Making and recording music is a fun and rewarding experience. The only prerequisites to this tutorial are having a computer and the willingness to learn. You don’t even have to know how to read or play an instrument, most hit producers and film composers don’t even know music theory.

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Building a home studio

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    Write a plan of what you want to do. Do you want to build a recording studio? Is it a singing booth? Is it an engineering booth? Is it for computer-based music production? Knowing what you want before you start can help you decide which equipment you will need. Doing extensive research will help at this stage. Try to find a specialist at PC World, or your local Apple shop, take notes and then find more information on the Internet.
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    Acquire the appropriate equipment. This will include such items as amplifiers, microphones, mixers, electric instruments, cables for connecting it all together. A modern computer built or purchased within the past three years should be sufficient.

    • If possible, acquire a working high-quality soundcard, such as an M-Audio Fast Track Pro or Digidesign Mbox 2 Mini. Creative Labs does have a Pro Music line called EMU. A 1212M PCI system is ideal if you were going to go that route.
    • Monitor speakers are helpful if you are looking to stick with this for more than a hobby. The M-Audio Studiophile BX8a’s, KRK RP-8 Rokit work well, and if you’ve got money to burn, the Mackie HR824 Studio Monitors.
    • If you’re into hip-hop, techno, or dance music, a set of turntables will be needed to record your sets or scratches on the fly. You can also use DJ software such as Traktor or Serato and a USB DJ controller to try out your mixes.
    • A midi keyboard will be useful if you want to use midi software (which you can use to write bass lines, piano parts, and drum beats). Nothing fancy is needed, but each person will have their own preference. There are many advantages to having a midi keyboard because it will give you the tactile feel of a real instrument, which can greatly aid creativity.
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    Buy or download music-editing software for your PC.
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    Connect everything up. This is where most of the genius (and perspiration!) comes in. In general, keep it as simple as possible. For best playback quality run from the sound card into a mixer or amplifier and then to your monitor speakers. For best recording quality, run instruments/mics into a mixer(make sure you are getting a perfect signal) then run from the mixer into the sound card.
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    Learn how to record a sound from an input line and how to arrange pre-recorded sounds. Also learn how to turn an arrangement into a .wav or .mp3 file. (After all, eventually we want to make a CD with all this awesome music!)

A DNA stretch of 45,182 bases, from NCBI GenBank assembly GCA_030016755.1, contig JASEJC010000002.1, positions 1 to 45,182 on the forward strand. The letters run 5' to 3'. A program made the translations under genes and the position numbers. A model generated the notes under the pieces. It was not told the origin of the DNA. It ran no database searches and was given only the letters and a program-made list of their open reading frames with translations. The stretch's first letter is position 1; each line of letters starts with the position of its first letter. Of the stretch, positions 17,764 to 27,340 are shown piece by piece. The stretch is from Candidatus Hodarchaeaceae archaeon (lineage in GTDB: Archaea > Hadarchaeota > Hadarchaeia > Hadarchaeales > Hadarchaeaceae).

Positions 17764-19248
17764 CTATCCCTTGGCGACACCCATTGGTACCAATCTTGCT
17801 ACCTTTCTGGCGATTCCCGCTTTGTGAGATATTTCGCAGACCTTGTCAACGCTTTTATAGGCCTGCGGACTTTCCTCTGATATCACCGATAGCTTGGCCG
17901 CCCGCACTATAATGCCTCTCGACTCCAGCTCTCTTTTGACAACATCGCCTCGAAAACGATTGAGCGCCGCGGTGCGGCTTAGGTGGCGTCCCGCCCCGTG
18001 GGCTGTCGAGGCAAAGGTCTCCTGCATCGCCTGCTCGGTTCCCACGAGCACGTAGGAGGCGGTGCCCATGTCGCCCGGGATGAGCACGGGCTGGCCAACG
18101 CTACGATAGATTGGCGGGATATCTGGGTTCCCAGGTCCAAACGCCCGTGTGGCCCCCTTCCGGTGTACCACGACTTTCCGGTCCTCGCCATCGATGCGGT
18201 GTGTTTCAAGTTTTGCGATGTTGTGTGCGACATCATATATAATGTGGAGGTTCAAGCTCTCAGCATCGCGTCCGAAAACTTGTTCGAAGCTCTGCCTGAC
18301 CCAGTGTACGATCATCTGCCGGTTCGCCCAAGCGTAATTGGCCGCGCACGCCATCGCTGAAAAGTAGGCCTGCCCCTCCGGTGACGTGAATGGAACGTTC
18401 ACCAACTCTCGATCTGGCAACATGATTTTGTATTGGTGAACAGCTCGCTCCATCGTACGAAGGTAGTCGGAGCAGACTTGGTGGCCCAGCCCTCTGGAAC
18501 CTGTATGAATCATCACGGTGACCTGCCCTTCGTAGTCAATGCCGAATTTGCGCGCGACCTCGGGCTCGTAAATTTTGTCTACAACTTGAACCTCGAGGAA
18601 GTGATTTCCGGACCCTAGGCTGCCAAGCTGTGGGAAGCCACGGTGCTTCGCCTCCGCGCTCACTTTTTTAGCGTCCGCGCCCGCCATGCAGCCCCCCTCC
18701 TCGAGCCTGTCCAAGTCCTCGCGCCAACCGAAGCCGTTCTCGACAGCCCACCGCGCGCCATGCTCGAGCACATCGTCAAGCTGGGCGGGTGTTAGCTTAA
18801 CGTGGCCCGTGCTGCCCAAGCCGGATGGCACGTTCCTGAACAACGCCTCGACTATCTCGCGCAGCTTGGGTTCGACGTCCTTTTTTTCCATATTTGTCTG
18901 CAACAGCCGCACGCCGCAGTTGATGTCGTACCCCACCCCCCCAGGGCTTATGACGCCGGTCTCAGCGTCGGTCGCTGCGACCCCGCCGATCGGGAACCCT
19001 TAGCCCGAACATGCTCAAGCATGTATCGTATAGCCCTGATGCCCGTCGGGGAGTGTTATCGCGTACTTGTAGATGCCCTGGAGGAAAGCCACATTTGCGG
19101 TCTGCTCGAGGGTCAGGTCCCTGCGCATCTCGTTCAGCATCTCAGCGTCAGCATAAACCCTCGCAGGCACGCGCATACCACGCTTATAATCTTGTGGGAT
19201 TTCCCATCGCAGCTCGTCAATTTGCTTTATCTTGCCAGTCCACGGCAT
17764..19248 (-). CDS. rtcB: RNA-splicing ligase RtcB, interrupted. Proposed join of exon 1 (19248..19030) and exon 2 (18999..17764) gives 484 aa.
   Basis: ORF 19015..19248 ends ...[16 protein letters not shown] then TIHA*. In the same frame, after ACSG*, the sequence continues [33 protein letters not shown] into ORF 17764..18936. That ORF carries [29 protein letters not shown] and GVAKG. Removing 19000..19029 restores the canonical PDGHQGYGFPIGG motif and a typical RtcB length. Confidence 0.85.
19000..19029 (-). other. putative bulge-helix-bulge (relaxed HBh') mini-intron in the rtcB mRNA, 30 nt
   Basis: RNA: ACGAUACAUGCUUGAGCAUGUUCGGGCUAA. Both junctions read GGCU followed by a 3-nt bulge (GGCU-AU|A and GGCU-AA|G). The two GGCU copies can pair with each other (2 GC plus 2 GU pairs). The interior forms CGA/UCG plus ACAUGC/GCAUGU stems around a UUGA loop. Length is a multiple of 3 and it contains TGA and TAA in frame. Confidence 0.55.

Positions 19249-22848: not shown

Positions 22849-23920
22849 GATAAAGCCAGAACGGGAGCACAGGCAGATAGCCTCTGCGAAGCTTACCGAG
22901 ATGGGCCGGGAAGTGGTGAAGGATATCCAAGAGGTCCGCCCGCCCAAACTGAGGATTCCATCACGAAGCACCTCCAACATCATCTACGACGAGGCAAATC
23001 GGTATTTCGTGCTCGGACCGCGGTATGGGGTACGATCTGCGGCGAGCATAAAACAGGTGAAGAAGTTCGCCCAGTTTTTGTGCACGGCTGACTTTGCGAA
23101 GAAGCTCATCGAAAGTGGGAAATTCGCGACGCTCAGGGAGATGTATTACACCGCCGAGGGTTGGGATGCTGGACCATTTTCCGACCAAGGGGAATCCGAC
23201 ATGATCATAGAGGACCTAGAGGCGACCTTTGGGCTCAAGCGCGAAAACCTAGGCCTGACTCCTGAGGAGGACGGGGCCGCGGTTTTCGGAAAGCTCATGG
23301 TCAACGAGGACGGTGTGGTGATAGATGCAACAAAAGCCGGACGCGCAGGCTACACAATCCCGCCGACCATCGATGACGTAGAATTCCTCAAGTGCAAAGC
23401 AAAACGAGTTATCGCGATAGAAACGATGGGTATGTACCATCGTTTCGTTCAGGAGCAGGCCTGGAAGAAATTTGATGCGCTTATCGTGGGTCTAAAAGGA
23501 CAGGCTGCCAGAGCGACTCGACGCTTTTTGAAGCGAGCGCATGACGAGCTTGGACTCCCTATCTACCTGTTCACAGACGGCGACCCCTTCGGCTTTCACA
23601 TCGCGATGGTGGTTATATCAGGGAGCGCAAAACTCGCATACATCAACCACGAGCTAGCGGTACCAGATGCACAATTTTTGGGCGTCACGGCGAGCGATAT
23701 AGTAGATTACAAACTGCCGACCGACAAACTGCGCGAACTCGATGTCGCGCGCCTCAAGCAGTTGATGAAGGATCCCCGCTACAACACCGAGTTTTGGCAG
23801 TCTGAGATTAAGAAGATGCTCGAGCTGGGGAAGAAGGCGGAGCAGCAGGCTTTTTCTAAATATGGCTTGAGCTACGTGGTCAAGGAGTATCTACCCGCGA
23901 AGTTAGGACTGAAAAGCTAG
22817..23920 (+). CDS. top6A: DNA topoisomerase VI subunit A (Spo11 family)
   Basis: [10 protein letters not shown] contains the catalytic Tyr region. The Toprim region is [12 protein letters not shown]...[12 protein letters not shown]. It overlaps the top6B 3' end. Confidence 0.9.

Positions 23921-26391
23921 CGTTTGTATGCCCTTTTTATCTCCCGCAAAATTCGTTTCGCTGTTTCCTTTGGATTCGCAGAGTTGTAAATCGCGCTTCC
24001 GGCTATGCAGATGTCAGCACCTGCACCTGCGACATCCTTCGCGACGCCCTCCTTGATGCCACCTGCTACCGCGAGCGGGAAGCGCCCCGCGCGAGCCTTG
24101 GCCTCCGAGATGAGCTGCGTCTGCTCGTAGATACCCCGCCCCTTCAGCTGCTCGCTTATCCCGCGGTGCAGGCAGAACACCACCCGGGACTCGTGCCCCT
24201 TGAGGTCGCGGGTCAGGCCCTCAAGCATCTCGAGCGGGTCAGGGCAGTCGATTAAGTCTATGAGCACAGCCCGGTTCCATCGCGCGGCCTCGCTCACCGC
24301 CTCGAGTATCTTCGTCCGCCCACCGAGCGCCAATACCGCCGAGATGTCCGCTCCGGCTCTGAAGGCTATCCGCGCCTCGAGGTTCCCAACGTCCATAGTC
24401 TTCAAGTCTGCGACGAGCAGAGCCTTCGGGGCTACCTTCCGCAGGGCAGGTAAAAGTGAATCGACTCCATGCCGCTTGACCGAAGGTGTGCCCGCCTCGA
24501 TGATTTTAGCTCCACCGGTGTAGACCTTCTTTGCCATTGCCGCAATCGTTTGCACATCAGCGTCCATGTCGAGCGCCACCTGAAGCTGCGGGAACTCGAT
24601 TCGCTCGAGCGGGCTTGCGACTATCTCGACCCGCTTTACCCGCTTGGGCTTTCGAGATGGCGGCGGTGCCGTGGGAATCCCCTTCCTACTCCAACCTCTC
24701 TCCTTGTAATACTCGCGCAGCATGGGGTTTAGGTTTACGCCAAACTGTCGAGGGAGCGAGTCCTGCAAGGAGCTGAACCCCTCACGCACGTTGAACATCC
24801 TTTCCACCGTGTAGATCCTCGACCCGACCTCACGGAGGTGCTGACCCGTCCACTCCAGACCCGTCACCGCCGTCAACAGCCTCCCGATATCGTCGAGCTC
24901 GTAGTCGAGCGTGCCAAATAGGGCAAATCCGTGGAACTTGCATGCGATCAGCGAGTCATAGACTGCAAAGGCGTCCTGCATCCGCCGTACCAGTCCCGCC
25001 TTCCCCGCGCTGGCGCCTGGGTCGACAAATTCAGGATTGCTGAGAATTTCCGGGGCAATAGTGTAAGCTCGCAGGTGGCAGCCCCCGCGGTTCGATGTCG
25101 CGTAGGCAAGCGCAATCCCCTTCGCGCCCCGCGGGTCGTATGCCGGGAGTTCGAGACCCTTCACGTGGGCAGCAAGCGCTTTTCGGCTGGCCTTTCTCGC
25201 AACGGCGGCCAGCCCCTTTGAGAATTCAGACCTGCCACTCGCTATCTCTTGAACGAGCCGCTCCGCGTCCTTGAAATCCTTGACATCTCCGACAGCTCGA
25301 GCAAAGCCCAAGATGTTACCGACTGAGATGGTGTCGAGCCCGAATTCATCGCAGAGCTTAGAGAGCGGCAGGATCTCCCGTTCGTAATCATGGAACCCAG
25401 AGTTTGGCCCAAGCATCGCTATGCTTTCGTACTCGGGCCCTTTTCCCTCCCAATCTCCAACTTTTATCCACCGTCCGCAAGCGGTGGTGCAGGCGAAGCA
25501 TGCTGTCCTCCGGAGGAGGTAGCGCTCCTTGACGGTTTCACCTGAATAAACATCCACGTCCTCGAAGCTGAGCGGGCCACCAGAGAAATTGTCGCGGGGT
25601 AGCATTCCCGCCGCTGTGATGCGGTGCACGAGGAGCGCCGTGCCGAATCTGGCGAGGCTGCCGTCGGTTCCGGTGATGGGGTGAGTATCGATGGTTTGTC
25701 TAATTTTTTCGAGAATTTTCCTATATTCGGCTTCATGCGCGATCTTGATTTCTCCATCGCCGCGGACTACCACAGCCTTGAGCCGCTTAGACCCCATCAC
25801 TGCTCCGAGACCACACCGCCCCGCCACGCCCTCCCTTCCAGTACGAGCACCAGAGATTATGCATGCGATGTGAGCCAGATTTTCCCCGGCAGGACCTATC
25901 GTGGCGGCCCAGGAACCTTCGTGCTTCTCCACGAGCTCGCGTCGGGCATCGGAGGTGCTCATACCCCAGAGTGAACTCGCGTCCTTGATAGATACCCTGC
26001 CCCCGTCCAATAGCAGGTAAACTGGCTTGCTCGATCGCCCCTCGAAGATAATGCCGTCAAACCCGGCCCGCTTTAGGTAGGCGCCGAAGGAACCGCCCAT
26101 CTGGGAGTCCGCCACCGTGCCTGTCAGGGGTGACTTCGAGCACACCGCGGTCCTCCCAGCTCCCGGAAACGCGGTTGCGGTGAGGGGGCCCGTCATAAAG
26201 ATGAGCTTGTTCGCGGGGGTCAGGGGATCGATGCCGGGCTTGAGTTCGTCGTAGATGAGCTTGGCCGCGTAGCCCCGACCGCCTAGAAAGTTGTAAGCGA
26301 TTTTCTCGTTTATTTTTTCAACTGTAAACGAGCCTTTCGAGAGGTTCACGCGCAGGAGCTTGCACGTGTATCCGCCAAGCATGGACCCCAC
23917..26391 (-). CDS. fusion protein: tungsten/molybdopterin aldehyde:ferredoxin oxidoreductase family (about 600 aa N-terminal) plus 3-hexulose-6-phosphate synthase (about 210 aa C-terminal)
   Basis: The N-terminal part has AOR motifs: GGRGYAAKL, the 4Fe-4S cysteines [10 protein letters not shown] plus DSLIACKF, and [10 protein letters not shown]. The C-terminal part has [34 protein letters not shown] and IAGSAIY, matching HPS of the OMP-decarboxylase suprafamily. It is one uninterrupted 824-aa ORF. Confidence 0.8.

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    Select a room in your house. Sound-proof it if possible. If not, try to use special carpet or insulation that can at least reduce external noise.
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    Start writing simple tracks. Start off with a drumbeat. Add a bass line or piano or vocal track. Start mixing. Explore! It’s all about experimentation. At the beginning, you don’t have to write a masterpiece – just focus on having fun!
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    If you have trouble with any of the above, pick up a Mixing / Studio Book. It will help you understand the underlying concepts needed to keep you going for a lifetime.
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    Once you’ve learned the basics, start breaking it down. Lay a bunch of tracks together. Experiment with processed effects. Experiment with plugins, loops, new hardware and anything else you can get your hands onto.

2

Building a basic studio for recording on a budget

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    Obtain a suitable computer, preferably a Mac. It must be installed in the room you want to create music.
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    Get an audio interface, mic and sound output. For a few hundred dollars or pounds, you can pick up the Focusrite Scarlett Studio, with a 2i2 interface, CM25 mic and HP60 headphones.
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    Plug it in. The Scarlett Studio comes with all the cables included.
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    Start your Digital Audio Workstation program. PCs are best with Cubase, Macs with GarageBand or Logic Pro X.
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    Get a MIDI keyboard . Plug it in.
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    You have a basic studio. Enjoy!